“Aunque la Argentina esté bien, no significa que todos deban emprender” | apertura.com



Gabo Nazar: “Aunque la Argentina esté bien, no significa que todos deban emprender”

En el marco de la 7ma Convención Nacional de Marcas y Franquicias, el fundador de Cardón habló sobre la situación actual de los emprendedores.

Por Joaquín Garau

En un break habló con Apertura.com. Estar con él a solas no fue fácil, ya que es un emprendedor muy requerido por quien pase a su lado. Preguntas, consultas, llamados telefónicos. Cada una de esas cuestiones forman parte del día a día de un hombre que comenzó con su proyecto en 1988, haciendo cinturones de cuero.

Sobre el mercado de las franquicias, Nazar opinó que “hay que apostar” a ellas, ya que consideró que “el negocio de la franquicia en la Argentina está creciendo fuerte”. Sin embargo, no dejó de reconocer que el sector todavía “está en pañales”.

Mientras tanto, sobre la posibilidad de explotar la veta emprendedora en el país, Nazar sostuvo: “En cuanto a la economía en general, la Argentina está plagada de oportunidades”. Pero destacó: “No porque el sector de la franquicia o la Argentina estén bien en términos relativos es el momento adecuado para que todo el mundo emprenda”.

Artículo completo

 

Upcoming Web Design and Development Conferences in 2010

At the end of last year, we published a comprehensive list of web design and development conferences that might be of interest to Smashing Magazine’s diverse readership. Many readers commented and added links to other conferences and events that weren’t listed, some of which were added to the post. Using the contents of that list along with some other sources, we’ve compiled a list of web design and development-related conferences and events that will be taking place in the next six to eight months.

As always, there is no way for us to be able to include every possible event here, but we’ll be glad to update the list if you provide a comment to an upcoming event that you feel would be of interest to graphic designers or web developers.


At the end of last year, we published a comprehensive list of web design and development conferences that might be of interest to Smashing Magazine’s diverse readership. Many readers commented and added links to other conferences and events that weren’t listed, some of which were added to the post. Using the contents of that list along with some other sources, we’ve compiled a list of web design and development-related conferences and events that will be taking place in the next six to eight months.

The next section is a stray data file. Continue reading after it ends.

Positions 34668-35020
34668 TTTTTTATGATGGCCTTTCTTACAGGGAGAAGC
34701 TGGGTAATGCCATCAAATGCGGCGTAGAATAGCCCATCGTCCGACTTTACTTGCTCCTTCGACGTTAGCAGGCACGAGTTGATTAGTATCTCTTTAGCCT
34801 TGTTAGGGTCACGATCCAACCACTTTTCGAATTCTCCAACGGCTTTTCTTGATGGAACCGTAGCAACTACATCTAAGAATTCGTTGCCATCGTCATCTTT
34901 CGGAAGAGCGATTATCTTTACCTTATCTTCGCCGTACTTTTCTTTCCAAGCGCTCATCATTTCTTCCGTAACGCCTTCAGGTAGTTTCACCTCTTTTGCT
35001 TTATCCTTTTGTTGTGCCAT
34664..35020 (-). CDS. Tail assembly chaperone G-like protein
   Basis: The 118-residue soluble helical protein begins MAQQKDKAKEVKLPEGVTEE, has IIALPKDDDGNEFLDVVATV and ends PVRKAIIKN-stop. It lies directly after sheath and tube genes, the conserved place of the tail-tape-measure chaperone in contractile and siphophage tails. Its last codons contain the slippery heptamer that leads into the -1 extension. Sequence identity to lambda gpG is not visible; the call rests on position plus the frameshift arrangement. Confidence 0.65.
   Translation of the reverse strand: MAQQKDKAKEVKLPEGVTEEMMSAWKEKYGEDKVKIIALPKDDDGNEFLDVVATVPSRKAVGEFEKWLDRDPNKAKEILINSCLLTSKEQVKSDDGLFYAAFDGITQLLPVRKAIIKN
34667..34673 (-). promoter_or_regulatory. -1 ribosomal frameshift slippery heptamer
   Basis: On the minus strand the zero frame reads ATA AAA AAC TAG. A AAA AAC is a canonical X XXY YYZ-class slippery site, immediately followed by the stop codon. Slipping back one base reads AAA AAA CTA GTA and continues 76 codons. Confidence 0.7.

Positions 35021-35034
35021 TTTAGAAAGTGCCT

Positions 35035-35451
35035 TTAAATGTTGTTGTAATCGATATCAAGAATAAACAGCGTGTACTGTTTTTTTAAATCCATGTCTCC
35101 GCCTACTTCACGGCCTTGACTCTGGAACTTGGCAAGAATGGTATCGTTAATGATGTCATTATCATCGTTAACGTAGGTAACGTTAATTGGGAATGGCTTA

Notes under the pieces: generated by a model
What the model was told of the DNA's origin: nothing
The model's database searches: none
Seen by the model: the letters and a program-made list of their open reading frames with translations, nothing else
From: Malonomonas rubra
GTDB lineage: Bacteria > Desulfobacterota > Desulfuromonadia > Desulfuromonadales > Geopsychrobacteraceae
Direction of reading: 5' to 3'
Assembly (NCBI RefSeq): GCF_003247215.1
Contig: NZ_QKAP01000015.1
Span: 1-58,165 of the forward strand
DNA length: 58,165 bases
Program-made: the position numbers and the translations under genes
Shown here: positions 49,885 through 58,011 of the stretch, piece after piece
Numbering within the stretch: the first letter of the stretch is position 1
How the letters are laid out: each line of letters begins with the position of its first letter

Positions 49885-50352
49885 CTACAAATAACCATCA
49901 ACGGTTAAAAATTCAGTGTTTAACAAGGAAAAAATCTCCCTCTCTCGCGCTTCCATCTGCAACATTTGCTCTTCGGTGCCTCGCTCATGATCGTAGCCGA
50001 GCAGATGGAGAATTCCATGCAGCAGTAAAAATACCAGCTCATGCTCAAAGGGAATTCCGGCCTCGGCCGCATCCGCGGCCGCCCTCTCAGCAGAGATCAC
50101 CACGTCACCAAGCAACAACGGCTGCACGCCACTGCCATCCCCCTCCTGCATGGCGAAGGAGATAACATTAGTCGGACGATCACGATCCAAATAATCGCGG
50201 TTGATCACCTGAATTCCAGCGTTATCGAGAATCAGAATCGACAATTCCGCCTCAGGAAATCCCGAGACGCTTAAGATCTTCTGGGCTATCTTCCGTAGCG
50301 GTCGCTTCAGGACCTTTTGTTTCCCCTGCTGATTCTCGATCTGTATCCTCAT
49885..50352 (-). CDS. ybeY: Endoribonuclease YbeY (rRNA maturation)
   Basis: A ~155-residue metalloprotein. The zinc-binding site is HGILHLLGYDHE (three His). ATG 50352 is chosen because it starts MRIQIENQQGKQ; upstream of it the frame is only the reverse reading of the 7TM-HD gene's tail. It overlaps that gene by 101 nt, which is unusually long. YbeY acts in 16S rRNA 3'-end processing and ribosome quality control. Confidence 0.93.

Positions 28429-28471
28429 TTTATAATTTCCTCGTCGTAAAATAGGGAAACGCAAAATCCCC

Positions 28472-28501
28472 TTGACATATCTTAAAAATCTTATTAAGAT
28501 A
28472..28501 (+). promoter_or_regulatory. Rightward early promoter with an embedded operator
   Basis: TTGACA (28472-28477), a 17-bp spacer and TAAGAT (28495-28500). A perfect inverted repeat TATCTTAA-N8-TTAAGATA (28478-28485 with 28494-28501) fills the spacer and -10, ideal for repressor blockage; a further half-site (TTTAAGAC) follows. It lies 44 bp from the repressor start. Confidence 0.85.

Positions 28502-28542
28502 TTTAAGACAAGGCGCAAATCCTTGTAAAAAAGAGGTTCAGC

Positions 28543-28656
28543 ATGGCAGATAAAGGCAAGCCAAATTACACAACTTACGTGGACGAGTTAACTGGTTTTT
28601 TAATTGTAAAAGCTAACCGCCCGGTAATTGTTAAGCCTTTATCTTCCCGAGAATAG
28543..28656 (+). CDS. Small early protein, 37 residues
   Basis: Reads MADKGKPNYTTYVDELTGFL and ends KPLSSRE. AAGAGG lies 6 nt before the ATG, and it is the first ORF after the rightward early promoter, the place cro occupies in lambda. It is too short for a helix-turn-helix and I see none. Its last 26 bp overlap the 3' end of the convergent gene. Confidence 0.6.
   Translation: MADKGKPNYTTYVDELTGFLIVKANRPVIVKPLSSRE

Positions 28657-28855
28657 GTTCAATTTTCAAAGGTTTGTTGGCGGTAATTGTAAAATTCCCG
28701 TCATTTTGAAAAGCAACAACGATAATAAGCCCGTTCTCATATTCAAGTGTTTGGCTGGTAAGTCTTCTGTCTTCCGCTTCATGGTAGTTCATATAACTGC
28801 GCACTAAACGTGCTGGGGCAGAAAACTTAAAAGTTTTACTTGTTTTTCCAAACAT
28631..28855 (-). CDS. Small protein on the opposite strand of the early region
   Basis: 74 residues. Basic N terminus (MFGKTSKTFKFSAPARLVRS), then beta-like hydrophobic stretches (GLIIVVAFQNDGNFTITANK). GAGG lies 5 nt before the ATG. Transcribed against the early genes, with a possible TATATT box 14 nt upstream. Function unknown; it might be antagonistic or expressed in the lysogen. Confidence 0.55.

As always, there is no way for us to be able to include every possible event here, but we’ll be glad to update the list if you provide a comment to an upcoming event that you feel would be of interest to graphic designers or web developers.

While the previous roundup was organized by category, this one lists the events in chronological order starting with the earliest. Jump to an appropriate month using the links below:

September 2010 Events

FITC Mobile 2010
FITC Mobile covers all aspects of mobile content development — with presentations, demonstrations, and panel discussions. Covering iPhone/iPad, Android, Flash 10.1, Windows Mobile, HTML5, Unity, Marketing, Usability, and other relevant topics in the mobile world.

When: September 16-18, 2010
Where: Toronto, ON, Canada at the Metro Toronto Convention Centre

Fitcm-2010 in Upcoming Web Design and Development Conferences in 2010

An Event Apart D.C.
“From the makers of A List Apart, An Event Apart is an intensely educational two-day conference for passionate practitioners of standards-based web design. If you care about code as well as content, usability as well as design, An Event Apart is the conference you’ve been waiting for.”

When: September 16-18, 2010
Where: Washington, D.C., USA at the Washington Hilton

Aea-2010 in Upcoming Web Design and Development Conferences in 2010

London Design Festival
“The London Design Festival is a nine-day celebration of design in the world’s creative capital. The Festival is a platform for the widest spectrum of design disciplines, brought together as a unique and accessible programme.”

When: September 18-26, 2010
Where: London, UK at a number of different venues across the city

Ldf-2010 in Upcoming Web Design and Development Conferences in 2010 Continuar leyendo «Upcoming Web Design and Development Conferences in 2010»

Salesmanship Lessons From Donald Trump

Everyone likes to do business with a winner. No matter what stage of your career, you need to look like you’ve made it. That means wearing a suit that will impress. As a universal rule, make it your business to be the best-dressed in the room. If you lack the fashion sense, a premier store will be more than happy to assign a knowledgeable salesperson to assist you.